We attended the annual Canadian Digestive Health Foundation Summit for health professionals to get the latest updates on this exiting area of research. There is so much to learn about the human microbiome which is the collection of microbes – bacteria, viruses, and single-cell eukaryotes – that inhabits the human body. Did you know that microbes in your body outnumber your human cells by a ratio of ten to one? Research is mounting on this newly recognized inner body ecosystem of microorganisms that appear to impact much more than just your digestive tract.
Bacteria establish themselves in the body early in life and once they’ve ‘moved in’ they tend to stay for the duration of a person’s life. You may wonder what these 8 million microbial genes are doing in our body. In a fascinating overview we heard researchers describe the diversity of microbial communities which inhabit the human gut and the unique ways in which they interact with our body and other bacteria. For example, our microbiomes have a role in energy metabolism, including fat, carbohydrate and protein breakdown. Bacteria influence gut health, help protect you from food-borne illnesses and play an important role in immune function. An exciting area of research is understanding the differing composition of gut bacteria in obese vs lean people and how microbes influence how much energy we burn and how much fat we store. Not only is a healthy and diverse bacterial flora linked to good gut health but now researchers are starting to understand the gut – brain interaction as well.??Keeping your gut flora healthy with a diverse ‘friendly ‘ bacteria may help keep out disease-causing microbes and make you less susceptible to gastrointestinal infections and bowel ailments such as irritable bowel syndrome (IBS), inflammatory bowel disease (IBD). Watch for more news on this topic as scientists work to understand the role or probiotics in the prevention and treatment of human diseases.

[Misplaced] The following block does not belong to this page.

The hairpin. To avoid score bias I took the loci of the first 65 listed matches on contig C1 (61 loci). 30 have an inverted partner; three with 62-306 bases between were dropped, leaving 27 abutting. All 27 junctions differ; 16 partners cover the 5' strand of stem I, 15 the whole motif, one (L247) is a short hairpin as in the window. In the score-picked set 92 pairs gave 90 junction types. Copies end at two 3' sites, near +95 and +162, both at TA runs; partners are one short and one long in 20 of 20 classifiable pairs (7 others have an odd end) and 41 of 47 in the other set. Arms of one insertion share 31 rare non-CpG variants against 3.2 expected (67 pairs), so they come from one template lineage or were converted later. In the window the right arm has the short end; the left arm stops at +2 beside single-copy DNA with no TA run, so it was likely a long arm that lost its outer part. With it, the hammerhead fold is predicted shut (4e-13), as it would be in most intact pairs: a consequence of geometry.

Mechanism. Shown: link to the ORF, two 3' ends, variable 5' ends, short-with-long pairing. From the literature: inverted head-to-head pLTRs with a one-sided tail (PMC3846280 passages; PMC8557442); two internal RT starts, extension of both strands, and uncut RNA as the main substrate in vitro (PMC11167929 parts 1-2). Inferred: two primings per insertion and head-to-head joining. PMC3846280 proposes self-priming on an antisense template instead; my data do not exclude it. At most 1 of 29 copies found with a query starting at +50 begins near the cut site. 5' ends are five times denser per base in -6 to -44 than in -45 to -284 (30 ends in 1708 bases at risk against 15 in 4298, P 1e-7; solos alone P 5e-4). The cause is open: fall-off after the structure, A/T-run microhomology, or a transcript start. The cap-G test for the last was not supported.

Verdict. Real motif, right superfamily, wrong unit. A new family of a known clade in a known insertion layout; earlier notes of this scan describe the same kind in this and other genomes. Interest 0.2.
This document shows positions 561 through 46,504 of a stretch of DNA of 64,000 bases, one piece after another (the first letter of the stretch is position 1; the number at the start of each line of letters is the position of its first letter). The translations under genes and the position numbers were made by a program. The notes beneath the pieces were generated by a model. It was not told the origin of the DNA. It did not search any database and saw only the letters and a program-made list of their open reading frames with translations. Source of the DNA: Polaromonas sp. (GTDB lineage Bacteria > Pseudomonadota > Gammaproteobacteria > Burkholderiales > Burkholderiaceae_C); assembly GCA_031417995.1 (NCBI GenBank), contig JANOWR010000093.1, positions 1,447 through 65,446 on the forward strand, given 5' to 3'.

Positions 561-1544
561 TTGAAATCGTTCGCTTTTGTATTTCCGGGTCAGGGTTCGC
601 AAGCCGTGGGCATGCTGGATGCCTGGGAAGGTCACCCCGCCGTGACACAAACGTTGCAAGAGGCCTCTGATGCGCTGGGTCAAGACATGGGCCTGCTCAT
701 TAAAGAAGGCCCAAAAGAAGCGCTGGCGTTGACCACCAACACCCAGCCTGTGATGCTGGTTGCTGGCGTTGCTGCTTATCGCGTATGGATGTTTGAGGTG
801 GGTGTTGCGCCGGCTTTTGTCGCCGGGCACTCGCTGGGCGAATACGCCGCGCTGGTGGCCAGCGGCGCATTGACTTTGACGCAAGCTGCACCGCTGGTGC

In the meantime, consider our top tips for optimizing your gut flora:
- Choose foods that contain probiotics (live friendly bacteria) such as fermented dairy (yogurt, kefir) and fermented vegetables.
- Include prebiotics that are a source of fibre such as whole grains, fruit, vegetables, beans and legumes.
- Practice a healthy lifestyle and exercise regularly.